A synchronization object is an object whose handle can be specified in one of the wait functions to coordinate the execution of multiple threads. More than one process can have a handle to the same synchronization object, making interprocess synchronization possible.
The following object types are provided exclusively for synchronization.
|Event||Notifies one or more waiting threads that an event has occurred. For more information, see Event Objects.|
|Mutex||Can be owned by only one thread at a time, enabling threads to coordinate mutually exclusive access to a shared resource. For more information, see Mutex Objects.|
|Semaphore||Maintains a count between zero and some maximum value, limiting the number of threads that are simultaneously accessing a shared resource. For more information, see Semaphore Objects.|
|Waitable timer||Notifies one or more waiting threads that a specified time has arrived. For more information, see Waitable Timer Objects.|
Though available for other uses, the following objects can also be used for synchronization.
|Change notification||Created by the FindFirstChangeNotification function, its state is set to signaled when a specified type of change occurs within a specified directory or directory tree. For more information, see Obtaining Directory Change Notifications.|
|Console input||Created when a console is created. The handle to console input is returned by the CreateFile function when CONIN$ is specified, or by the GetStdHandle function. Its state is set to signaled when there is unread input in the console's input buffer, and set to nonsignaled when the input buffer is empty. For more information about consoles, see Character-Mode Applications|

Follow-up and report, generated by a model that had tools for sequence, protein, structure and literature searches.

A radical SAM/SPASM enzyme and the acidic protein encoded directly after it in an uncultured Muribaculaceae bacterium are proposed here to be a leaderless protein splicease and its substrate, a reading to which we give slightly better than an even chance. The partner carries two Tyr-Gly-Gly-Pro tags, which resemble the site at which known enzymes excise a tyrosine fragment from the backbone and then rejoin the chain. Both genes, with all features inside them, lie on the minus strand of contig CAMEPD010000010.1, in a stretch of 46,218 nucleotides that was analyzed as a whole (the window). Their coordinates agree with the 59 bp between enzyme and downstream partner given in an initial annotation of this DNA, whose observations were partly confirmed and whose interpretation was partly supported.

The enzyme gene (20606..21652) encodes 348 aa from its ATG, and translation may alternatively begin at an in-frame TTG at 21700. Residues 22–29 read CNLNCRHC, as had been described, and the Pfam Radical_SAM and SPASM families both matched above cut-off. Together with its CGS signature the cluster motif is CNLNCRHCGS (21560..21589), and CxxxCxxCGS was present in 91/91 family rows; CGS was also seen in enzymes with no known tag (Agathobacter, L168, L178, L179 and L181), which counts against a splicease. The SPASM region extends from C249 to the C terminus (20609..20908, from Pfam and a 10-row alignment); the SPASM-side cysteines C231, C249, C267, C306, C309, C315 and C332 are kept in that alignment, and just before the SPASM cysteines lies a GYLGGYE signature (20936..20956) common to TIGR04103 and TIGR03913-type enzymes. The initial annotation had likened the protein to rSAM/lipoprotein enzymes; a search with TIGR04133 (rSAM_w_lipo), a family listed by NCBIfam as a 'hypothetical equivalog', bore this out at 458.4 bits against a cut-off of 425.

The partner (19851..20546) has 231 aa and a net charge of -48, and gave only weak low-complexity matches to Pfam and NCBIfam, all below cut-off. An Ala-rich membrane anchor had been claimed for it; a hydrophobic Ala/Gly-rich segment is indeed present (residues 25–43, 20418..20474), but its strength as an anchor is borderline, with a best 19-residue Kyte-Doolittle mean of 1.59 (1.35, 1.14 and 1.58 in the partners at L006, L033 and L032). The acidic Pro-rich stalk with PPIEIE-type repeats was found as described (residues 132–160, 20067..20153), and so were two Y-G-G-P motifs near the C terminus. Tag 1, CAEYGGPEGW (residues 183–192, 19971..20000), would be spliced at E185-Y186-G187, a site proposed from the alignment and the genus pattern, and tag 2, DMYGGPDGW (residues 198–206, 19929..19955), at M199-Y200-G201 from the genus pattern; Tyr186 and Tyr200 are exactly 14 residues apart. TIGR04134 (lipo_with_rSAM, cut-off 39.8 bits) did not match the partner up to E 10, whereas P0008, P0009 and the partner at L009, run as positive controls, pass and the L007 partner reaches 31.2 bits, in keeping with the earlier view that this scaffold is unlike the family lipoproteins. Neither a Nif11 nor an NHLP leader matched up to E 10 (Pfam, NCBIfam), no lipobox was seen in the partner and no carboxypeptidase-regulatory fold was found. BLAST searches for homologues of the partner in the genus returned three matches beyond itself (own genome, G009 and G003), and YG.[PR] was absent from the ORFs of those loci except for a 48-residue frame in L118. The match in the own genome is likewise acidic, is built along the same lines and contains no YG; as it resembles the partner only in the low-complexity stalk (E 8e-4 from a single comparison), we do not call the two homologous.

|Job||Created by calling the CreateJobObject function. The state of a job object is set to signaled when all its processes are terminated because the specified end-of-job time limit has been exceeded. For more information about job objects, see Job Objects.|
|Memory resource notification||Created by the CreateMemoryResourceNotification function. Its state is set to signaled when a specified type of change occurs within physical memory. For more information about memory, see Memory Management.|
|Process||Created by calling the CreateProcess function. Its state is set to nonsignaled while the process is running, and set to signaled when the process terminates. For more information about processes, see Processes and Threads.|
|Thread||Created when a new thread is created by calling the CreateProcess, CreateThread, or CreateRemoteThread function. Its state is set to nonsignaled while the thread is running, and set to signaled when the thread terminates. For more information about threads, see Processes and Threads.|
In some circumstances, you can also use a file, named pipe, or communications device as a synchronization object; however, their use for this purpose is discouraged. Instead, use asynchronous I/O and wait on the event object set in the OVERLAPPED structure. It is safer to use the event object because of the confusion that can occur when multiple simultaneous overlapped operations are performed on the same file, named pipe, or communications device. In this situation, there is no way to know which operation caused the object's state to be signaled.
For additional information about I/O operations on files, named pipes, or communications, see Synchronization and Overlapped Input and Output.